Investors Up the Ante for Drugs Striking Cancer via DNA Repair

A colossal deal struck last month between Germany’s Merck KGaA and UK-based Artios Pharma is one of several highlighting soaring interest in cancer drugs that target the DNA repair systems of our cells.

The deal, potentially worth €5.7B, granted Merck optional rights to co-develop a class of cancer treatments called DNA damage response (DDR) inhibitor drugs. Merck took this gamble on drugs that haven’t yet reached clinical testing, demonstrating hitherto unseen levels of support for the emerging DDR inhibitor field.

Artios’ CEO Niall Martin — who was instrumental in developing the blockbuster DDR inhibitor drug Lynparza — told me the collaboration represents a great validation for the DNA damage response field.

Its multi-billion-dollar potential underscores the possible, future value which multinational pharma companies see in the field and its ability to revolutionize targeted treatment of cancer and deliver on the promise of precision medicine,” he said.

Drugs targeting DNA repair have been heralded as a game-changer for multiple cancers, promising more precisely targeted treatments, better tolerance, and improved survival for patients.

DDR inhibitors exploit the imperfect DNA repair machinery found in many cancer cells, which makes them rely on certain repair pathways to survive and proliferate. Blocking these pathways leads to DNA damage building up and ultimately cancer cell death, while the healthy cells that retain alternative DDR pathways survive.

Artios’ deal is among several recently struck in this expanding therapeutic field, which has the potential to become a key part of the standard of care for many cancers. These deals focus on ways to overcome the biggest challenges of the DNA repair field. For example, the ability of some tumors to become resistant to PARP inhibitors, which are a class of DDR inhibitors.

Earlier this month, the Hungarian startup Turbine nailed €5.7M in a pre-Series A round. The company uses computational simulations and artificial intelligence to discover drugs that can overcome resistance to PARP inhibitors.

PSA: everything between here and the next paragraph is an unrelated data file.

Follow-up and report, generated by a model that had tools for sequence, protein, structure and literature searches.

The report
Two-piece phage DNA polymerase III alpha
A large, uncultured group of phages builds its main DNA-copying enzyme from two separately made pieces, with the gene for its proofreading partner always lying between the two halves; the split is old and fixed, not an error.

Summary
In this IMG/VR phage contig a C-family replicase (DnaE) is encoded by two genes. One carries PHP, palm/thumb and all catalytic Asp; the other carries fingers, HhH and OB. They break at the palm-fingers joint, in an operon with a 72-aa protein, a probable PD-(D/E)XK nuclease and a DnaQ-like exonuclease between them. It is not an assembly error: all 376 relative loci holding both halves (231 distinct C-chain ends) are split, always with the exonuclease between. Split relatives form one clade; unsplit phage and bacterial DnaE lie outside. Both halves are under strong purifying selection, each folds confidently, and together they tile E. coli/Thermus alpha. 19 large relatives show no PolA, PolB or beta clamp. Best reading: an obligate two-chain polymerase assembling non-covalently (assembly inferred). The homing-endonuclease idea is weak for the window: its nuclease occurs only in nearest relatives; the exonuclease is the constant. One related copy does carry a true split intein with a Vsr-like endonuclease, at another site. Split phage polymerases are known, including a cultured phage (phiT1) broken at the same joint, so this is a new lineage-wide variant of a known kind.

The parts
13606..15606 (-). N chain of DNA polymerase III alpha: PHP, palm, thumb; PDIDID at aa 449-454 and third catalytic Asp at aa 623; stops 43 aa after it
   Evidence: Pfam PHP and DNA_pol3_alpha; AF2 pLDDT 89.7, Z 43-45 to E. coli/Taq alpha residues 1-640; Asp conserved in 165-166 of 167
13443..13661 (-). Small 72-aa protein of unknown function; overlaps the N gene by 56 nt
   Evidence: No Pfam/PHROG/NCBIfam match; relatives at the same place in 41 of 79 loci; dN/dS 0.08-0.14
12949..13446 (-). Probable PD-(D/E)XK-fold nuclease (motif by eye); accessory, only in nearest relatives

The announcements from Artios and Turbine come after a number of deals seen throughout 2020 in the DNA repair space. In April, Merck’s venture capital arm M Ventures led a €10M seed round raised by the Swiss startup FoRx Therapeutics, which aims to target a wider range of cancers than can be reached by conventional DDR blockers.

In North America, US giant Bristol Myers Squibb struck a deal in May worth over €2.5B with the Canadian firm Repare Therapeutics to identify new targets for blocking tumor DNA repair. The month after, the big pharma GSK announced a €140M collaboration with the US company IDEAYA on three programs against new targets in the same field.

“The DDR class is an expanding therapeutic field with the potential to be a fundamental part of the standard of care in many cancer subtypes, alone or in combination with immunotherapy, chemotherapy, or radiotherapy,” said Andree Blaukat, Head of Merck’s translational innovation platform in oncology and immuno-oncology. 

Several DDR agents have entered the pipeline since AstraZeneca’s PARP inhibitor Lynparza was first approved in 2014 for ovarian cancer. Newer targets include two enzymes known as ATM and DNA-PK as well as the ATR protein. 

Merck is currently pushing ahead with an ATR inhibitor called berzosertib as an intravenous treatment for several solid tumors. Artios’ existing pipeline — which wasn’t included in the Merck deal — includes an ATR inhibitor and a first-in class drug for the emerging DDR target Pol theta. Both of the candidates are expected to enter the clinic this year. 

Meanwhile, French biotech Onxeo aims to smash tumor resistance to PARP inhibitors with its first-in-class drug AsiDNA, which acts as a DDR decoy rather than a direct blocker. The aim is to use it in combination with chemotherapy and PARP inhibitors. According to interim results from a phase Ib trial in November, the drug combination showed signs of controlling tumors where other treatments had failed. 

All of these DDR developments are taking place amid big clinical trial disruption caused by the Covid-19 pandemic, said Ruth Plummer, director of the Sir Bobby Robson Cancer Trials Centre in the UK.

The huge impact on the field from the Covid-19 pandemic is that worldwide trials recruitment has slowed, and even stopped in a number of centers, such that the timelines for all studies to complete has lengthened,” she told me.

In addition, many universities have had to stop laboratory science work, and many of the DDR inhibitors in development have come out of key academia and industry partnerships, so again there will have been a slowing to movements in the field.

Nonetheless, Klaus Edvardsen, Senior Vice President and Global Head Oncology Development at Merck, remains confident that the industry can ride out the storm.

Our most important objective remains ensuring the safety and wellbeing of the patients participating in our clinical trials, and continuity in treatment and care of these patients,” he told me.

“Overall, we have mitigated the impact of Covid-19 on our DDR research and development activities and are committed to our timelines, which remain on track.”


Image from Elena Resko

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